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Koji Akiyama, who won this year’s Japan Series before leaving his post as Fukuoka Softbank Hawks skipper, was named the winner of the Matsutaro Shoriki Award for the third time on Wednesday.

Akiyama won his first Shoriki as a star outfielder for the Pacific League’s Seibu Lions in 1991 when he used to do somersaults at home plate and his second as Hawks manager after winning the 2011 Series. Akiyama announced last month that this would be his final season with Softbank.

“It was a good year,” said Akiyama, who was elected into the Japanese Baseball Hall of Fame in January. “I thought I was through with baseball, so I didn’t imagine I would win this.

“I was able to bring down the curtain on six years (here as skipper) in fine fashion. It was a grueling season. To come through it and reach Japan’s pinnacle, made it one of the more memorable years in my career.”

The Hawks blew a sizable September lead by losing nine out of 10 games before clinching the pennant in their final regular-season game. They clinched their Japan Series berth with a narrow six-game victory in the PL Climax Series final stage. But after losing the first game of the Japan Series to the Hanshin Tigers on the road, the Hawks swept the next four games to claim the Series.

“Something like a miracle occurred, befitting of the Shoriki Award,” said Sadaharu Oh, who is the only four-time winner, head of the selection committee and also chairman of the Hawks.

The award, created by the Yomiuri Shimbun in honor of Yomiuri Giants founder Matsutaro Shoriki, is given annually to recognize individuals for their contribution to professional baseball in Japan. In addition to his role in creating the Giants, Shoriki was the driving force in the creation of Japan’s first pro league.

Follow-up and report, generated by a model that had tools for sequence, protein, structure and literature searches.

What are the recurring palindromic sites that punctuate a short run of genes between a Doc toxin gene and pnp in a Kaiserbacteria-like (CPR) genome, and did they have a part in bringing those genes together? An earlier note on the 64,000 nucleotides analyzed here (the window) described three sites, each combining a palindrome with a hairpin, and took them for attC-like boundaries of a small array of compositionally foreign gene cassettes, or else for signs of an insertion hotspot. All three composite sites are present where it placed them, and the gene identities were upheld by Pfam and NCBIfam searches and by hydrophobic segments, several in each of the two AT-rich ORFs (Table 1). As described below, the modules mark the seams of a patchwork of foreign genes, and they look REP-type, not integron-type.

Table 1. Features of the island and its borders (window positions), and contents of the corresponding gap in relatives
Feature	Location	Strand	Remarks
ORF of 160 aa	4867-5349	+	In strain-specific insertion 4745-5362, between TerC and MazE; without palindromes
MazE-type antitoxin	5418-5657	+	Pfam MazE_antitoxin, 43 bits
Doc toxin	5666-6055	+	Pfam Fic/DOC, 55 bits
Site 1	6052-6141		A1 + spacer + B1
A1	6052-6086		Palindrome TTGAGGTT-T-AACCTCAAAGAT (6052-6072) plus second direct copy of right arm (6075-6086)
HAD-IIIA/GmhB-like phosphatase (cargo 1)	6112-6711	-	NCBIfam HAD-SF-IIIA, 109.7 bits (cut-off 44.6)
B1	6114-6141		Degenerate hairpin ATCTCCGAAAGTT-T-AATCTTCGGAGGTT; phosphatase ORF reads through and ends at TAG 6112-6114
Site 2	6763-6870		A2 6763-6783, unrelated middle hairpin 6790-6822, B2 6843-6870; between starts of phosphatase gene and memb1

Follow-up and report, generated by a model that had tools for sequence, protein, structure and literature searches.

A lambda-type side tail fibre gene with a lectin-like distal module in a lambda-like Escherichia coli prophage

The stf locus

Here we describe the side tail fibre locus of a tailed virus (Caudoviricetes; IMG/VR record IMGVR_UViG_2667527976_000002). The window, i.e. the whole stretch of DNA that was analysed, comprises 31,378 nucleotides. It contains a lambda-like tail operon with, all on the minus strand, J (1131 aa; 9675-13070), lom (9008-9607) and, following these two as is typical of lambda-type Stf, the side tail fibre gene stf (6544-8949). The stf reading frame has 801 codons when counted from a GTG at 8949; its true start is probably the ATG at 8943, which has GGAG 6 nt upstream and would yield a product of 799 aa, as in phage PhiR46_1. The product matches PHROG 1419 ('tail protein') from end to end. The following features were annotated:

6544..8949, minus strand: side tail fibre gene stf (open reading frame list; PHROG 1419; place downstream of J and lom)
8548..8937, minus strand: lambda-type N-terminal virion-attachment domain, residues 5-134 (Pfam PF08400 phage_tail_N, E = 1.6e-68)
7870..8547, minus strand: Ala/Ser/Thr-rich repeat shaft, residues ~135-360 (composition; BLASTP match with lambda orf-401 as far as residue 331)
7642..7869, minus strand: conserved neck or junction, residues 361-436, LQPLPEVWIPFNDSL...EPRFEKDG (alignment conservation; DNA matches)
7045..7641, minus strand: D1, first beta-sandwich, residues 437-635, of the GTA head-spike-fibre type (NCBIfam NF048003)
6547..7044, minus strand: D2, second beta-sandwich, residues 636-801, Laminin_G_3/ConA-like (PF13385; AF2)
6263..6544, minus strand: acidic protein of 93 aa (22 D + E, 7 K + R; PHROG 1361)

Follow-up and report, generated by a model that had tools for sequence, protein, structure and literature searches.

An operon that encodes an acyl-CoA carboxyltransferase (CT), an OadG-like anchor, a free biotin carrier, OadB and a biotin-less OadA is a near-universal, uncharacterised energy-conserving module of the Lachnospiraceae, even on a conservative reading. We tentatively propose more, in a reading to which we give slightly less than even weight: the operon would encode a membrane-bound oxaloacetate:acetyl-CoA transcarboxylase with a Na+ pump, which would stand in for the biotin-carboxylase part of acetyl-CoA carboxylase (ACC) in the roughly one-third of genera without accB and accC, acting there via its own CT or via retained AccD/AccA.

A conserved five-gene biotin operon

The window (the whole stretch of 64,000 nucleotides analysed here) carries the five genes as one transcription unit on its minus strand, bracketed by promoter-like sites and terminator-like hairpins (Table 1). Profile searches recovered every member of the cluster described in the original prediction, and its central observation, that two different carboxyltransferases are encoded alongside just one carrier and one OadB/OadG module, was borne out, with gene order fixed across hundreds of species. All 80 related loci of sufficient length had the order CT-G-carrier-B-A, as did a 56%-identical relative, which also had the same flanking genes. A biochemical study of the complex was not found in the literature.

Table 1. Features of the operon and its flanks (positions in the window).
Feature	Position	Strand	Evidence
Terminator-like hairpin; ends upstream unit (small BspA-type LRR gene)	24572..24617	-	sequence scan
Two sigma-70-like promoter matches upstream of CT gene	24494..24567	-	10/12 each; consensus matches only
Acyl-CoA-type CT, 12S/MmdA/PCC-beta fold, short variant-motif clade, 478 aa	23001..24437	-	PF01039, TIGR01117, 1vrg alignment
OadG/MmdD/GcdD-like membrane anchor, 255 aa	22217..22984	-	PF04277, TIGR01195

The award was first handed out to Oh in 1977, when he surpassed major league home run king Hank Aaron’s career home run total. Since 2001, all but one Japan Series-winning manager has won.

The lone exception was Hokkaido Nippon Ham Fighters skipper Trey Hillman, who lost out on the 2006 award to Oh, who managed Japan to the first World Baseball Classic championship.

Until 2000, players with phenomenal seasons or achieving significant career achievements often won the award.

However, that custom went out the window in 2001, when Tuffy Rhodes tied Oh’s single-season home run record and led the Kintetsu Buffaloes to the PL pennant. Although Rhodes appeared an obvious choice, the award went instead to Tsutomu Wakamatsu, whose Yakult Swallows defeated the Buffaloes in the Japan Series.

Since then, only Oh in 2006, Hanshin Tigers manager Senichi Hoshino in 2003, and Giants catcher Shinnosuke Abe in 2012, were added to the honor roll despite not managing a Japan Series champion.

Shoriki Award winners receive ¥5 million in prize money.

Yamai staying put

Nagoya KYODO

Chunichi Dragons right-hander Daisuke Yamai will receive double his salary next season after re-signing with the Central League club on a three-year deal.

The 36-year-old Yamai, who decided not to file for free agency, will get a pay boost of ¥60 million to bring his salary to ¥120 million in 2015.

The Dragons’ starter won a career-high 13 games, matching the Hanshin Tigers’ Randy Messenger for the league lead in pitching victories and also led the CL with a .722 winning percentage. It was the first time in 13 pro seasons that he led the league in any category.

“It’s obvious I love this team. We have added a lot of young players, so we want to get another shot at a championship,” said Yamai, whose team finished a disappointing fourth. “It gives me confidence that I reached a career high. I want to aim even higher and lead the team forward.”

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